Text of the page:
Final Chapter 3 - Democracy and Diversity D emocracy and...

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Democracy and Diversity 29 Chapter 3 Democracy and Diversity Overview In the last chapter, we saw how power can be distributed to accommodate linguistic and regional diversities. But language and region are not the only features that give a distinct identity to people. Sometimes, people also identify themselves and relate with others on the basis of their physical appearance, class, religion, gender, caste, tribe, etc. In this chapter, we study how democracy responds to social differences, divisions and inequalities. We begin with an example of public expression of social divisions. We then draw some general lessons about how social differences can take various forms. We then turn to how democratic politics affects and is affected by these social diversities.
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30 Democratic Politics A Story from Mexico Olympics Civil Rights Movement in the USA (1954-1968) refers to a set of events and reform movements aimed at abolishing legal racial discrimination against African-Americans. Led by Martin Luther King Jr., this movement practiced non-violent methods of civil disobedience against racially discriminatory laws and practices. African-American, Afro-American, Black American, or Black are the terms used to refer mainly to the descendants of Africans who were brought into America as slaves between the 17 th century and early 19 th century. The Black Power movement emerged in 1966 and lasted till 1975, which was a more militant anti-racist movement, advocating even violence if necessary to end racism in the US. The pictures on this page depict an important landmark in the history of the C IVIL R IGHTS M OVEMENT IN THE U NITED S TATES . These represent the medal ceremony of the 200 metres race in the 1968 Olympics held at Mexico City. The two men standing with clenched fists upraised and heads bowed, while the American national anthem was played, are the US athletes, Tommie Smith and John Carlos. They are A FRICAN -A MERICANS . They had won the gold and bronze medals respectively. They received their medals wearing black socks and no shoes to represent Black poverty. With this gesture, they tried to draw international attention to racial discrimination in the United States. The black-gloved and raised clenched fists were meant to symbolise B LACK P OWER . The silver medallist, white Australian athlete, Peter Norman, wore a human rights badge on his shirt during the ceremony to show his support to the two Americans. Do you think that Carlos and Smith should have raised an internal matter of American society in an international forum? Would you say that what they did was political? Why do you think Peter Norman, who was neither Black nor American, joined in the gesture of protest? If you were in Norman’s place what would you do? In 2005, the San Jose State University installed a 20-foot high sculpture representing the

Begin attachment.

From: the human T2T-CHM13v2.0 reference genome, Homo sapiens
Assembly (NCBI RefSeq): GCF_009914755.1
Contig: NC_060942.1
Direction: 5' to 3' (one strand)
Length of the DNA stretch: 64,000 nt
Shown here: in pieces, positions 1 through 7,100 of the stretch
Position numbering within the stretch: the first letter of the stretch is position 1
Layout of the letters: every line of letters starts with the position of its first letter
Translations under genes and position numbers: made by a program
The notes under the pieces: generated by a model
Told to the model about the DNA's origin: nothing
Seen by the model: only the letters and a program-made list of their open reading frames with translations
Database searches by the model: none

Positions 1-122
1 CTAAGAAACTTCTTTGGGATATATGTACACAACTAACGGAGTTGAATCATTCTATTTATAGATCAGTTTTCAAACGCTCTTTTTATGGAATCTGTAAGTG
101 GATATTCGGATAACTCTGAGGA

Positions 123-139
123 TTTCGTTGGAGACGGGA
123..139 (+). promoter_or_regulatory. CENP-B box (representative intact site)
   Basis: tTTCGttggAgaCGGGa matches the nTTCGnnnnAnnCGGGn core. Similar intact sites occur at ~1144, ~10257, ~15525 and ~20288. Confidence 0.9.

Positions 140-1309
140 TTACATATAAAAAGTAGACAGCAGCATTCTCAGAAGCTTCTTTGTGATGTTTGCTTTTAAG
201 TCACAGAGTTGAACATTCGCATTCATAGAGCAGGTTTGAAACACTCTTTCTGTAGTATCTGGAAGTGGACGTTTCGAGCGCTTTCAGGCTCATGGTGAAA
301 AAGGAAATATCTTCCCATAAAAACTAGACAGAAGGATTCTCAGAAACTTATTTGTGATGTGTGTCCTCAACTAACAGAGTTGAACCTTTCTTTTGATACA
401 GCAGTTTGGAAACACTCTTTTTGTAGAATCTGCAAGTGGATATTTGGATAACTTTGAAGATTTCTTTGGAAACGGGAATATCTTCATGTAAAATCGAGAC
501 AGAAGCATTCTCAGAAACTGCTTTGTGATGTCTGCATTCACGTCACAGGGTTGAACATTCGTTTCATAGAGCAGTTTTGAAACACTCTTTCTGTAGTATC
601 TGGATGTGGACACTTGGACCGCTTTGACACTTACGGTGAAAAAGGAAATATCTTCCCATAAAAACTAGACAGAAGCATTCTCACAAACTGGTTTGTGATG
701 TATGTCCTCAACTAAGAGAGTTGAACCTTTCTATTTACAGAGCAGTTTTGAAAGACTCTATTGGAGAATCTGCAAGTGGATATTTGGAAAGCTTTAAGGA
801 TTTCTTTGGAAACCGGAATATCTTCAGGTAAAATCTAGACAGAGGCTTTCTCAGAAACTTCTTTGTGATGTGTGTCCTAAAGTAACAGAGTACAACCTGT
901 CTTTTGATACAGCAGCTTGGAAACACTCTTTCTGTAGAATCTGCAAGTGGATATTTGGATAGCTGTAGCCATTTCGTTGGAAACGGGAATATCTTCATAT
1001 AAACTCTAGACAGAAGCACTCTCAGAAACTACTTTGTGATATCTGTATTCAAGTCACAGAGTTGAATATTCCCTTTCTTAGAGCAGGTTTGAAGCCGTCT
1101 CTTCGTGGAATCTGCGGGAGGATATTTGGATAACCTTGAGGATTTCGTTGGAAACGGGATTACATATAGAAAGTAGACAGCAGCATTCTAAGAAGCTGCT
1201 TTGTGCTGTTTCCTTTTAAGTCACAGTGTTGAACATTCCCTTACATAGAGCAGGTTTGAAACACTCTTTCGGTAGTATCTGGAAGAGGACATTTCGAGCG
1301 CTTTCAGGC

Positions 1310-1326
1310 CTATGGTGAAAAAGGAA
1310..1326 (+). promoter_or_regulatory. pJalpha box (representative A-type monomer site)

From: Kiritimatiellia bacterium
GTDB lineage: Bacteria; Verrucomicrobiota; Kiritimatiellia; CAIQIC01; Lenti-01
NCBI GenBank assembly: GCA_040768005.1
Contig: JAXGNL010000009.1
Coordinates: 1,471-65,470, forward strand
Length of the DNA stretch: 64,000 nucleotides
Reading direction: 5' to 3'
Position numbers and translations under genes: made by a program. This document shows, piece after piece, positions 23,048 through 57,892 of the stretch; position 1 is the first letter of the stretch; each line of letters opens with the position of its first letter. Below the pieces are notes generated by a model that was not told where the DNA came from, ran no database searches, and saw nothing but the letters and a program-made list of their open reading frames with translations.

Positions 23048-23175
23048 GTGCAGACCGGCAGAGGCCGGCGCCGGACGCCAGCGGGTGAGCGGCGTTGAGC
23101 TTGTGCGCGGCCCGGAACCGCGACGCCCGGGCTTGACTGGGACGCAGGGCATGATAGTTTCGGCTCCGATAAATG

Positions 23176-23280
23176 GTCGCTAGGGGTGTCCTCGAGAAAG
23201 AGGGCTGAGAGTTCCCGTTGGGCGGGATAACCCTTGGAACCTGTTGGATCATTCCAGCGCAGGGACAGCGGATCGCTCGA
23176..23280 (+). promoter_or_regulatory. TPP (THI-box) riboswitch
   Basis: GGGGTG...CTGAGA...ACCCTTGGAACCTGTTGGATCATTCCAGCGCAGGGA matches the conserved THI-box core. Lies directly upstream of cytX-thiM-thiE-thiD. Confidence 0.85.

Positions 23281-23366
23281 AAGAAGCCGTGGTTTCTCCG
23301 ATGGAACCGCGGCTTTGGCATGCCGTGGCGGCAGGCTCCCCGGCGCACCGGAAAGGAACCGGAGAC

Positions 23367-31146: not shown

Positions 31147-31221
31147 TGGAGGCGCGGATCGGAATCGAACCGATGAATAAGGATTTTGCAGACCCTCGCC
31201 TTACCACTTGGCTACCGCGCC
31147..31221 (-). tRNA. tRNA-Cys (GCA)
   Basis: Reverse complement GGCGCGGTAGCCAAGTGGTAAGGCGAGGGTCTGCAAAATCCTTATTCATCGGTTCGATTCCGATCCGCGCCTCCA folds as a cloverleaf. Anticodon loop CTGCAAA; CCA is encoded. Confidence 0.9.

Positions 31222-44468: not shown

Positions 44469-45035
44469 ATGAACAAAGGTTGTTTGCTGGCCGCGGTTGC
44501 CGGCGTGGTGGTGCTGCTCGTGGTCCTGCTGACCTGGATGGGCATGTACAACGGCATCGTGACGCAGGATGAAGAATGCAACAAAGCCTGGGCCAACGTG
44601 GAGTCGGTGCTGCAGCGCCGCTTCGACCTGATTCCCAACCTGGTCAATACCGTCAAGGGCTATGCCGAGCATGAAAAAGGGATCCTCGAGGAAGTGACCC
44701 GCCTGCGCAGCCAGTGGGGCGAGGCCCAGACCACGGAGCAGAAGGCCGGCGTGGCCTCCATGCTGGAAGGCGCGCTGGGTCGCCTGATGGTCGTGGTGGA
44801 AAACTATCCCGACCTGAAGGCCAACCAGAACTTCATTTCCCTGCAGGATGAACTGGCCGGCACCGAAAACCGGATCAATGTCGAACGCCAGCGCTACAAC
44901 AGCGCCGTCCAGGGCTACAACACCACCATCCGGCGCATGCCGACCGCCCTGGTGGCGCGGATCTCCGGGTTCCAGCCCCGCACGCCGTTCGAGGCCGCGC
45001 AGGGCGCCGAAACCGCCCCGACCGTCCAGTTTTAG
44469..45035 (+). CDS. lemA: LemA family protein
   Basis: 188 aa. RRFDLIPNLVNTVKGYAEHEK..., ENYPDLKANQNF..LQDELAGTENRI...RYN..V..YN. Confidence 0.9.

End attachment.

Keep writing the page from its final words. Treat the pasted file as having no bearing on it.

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This note was uploaded on 01/19/2012 for the course SOCIAL 3so taught by Professor Stevejoyce during the Fall '09 term at Central European University.

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Final Chapter 3 - Democracy and Diversity D emocracy and...

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